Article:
Wednesday, May 1, 2013

On Being an Outsider: A Memoir

One theme that has been prominent in my life is that of being on "the outside." As early as age 7, I remember my older brother and his friends not wanting to play with me and feeling so left out (a crash course in developmental psychology may have come in handy there, but alas, my elementary school didn't offer that). Vignettes like this are, of course, a normal part of growing up; but the dynamics surrounding my father's death when I was a teenager intensified those already-tender feelings, and in some ways cemented the lie on my heart: "I'm on the outside." 

The transition to fatherlessness was slow and painful. He was sick for four years, which dispersed our family of eight across the country for numerous seasons while my father was hospitalized. My first Thanksgiving away from Mom and Dad at age 11, I remember searching for words to describe the strangeness I felt being in someone else's home, eating someone else's turkey, watching someone else's family. The words didn't come, of course. Only awkward 11-year-old tears on my aunt's shoulder in her bedroom after dinner. 

In our hometown, the feelings persisted. I remember driving to school with my brother in silence, listening to a song about another father's death. At least there in the car filled with sadness, we had a community. My brother, I and the unknown musician understood each others' pain and could be at home together. But when we arrived at school, we dried our faces and walked into a crowded hallway filled with oblivious peers, most of whose greatest suffering consisted of a broken arm from a ski vacation or not making the Varsity basketball team. I searched for words to describe the strangeness I felt in that hallway day after day; I, whose world was so heavy, whose every moment hung on the chance of my father's last breath, was supposed to have something funny to say in gym class.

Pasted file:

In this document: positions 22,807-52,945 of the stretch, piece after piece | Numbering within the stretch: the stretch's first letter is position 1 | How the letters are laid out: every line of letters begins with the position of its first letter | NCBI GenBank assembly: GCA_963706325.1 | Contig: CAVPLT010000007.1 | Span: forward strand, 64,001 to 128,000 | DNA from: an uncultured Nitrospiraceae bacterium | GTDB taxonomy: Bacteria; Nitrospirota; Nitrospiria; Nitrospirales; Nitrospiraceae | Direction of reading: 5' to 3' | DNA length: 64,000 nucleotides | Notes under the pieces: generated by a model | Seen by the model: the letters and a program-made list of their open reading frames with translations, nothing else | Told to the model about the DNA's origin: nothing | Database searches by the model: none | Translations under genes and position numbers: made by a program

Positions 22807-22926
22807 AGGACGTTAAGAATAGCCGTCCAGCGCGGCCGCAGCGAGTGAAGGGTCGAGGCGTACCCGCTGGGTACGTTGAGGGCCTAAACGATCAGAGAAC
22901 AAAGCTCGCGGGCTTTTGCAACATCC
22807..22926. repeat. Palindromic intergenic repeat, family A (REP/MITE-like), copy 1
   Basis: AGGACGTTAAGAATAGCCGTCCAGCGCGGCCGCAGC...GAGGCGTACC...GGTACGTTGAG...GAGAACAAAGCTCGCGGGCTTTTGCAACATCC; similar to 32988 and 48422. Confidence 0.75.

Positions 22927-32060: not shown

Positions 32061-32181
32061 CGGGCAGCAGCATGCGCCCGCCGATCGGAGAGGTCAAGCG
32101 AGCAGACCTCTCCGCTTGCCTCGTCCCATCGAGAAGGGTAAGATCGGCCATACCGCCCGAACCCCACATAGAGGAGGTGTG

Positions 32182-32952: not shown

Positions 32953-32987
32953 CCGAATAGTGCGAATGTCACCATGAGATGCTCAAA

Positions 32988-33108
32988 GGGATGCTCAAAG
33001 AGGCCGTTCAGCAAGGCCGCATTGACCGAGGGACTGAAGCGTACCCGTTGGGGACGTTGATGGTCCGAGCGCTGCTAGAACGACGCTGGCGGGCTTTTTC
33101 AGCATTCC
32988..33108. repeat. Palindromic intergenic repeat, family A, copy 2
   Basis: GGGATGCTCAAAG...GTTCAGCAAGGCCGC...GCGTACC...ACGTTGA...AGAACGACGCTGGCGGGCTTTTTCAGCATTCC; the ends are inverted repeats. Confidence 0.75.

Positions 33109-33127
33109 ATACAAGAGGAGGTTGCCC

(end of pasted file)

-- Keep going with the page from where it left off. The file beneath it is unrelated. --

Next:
In the wake of his passing and the fracturing of my family, I felt totally estranged from the squeaky clean (read: fully present) families surrounding me. Suddenly, homecoming dances, church pot-lucks, and Christmas cards made my insides turn from the painful sense of otherness I felt in their presence. Finally, the words did come, confirming my suspicions about being on the outside in one definitive title: "Orphan."  

In my pain, I desperately sought a community to be "inside," to belong to. Given some other dynamics at work in my life, I found this most accessible through boyfriends. My willingness to do anything in order to feel spoken for, to feel close, to feel safe-- not to mention my willingness to try anything to feel escape and release from the pain-- made what seemed like front-page-news at my small Christian school. Suddenly, gym class was a lot more awkward than it was before, if that's possible. In other words, my sinful response to the evil dealt to me made me both victim and culprit, and the suffering that ensued was a cocktail of grief-- due to living in a broken world, but also due to my own brokenness. High school was a season of life where pain and shame flowed together, and it was hard to separate one from the other.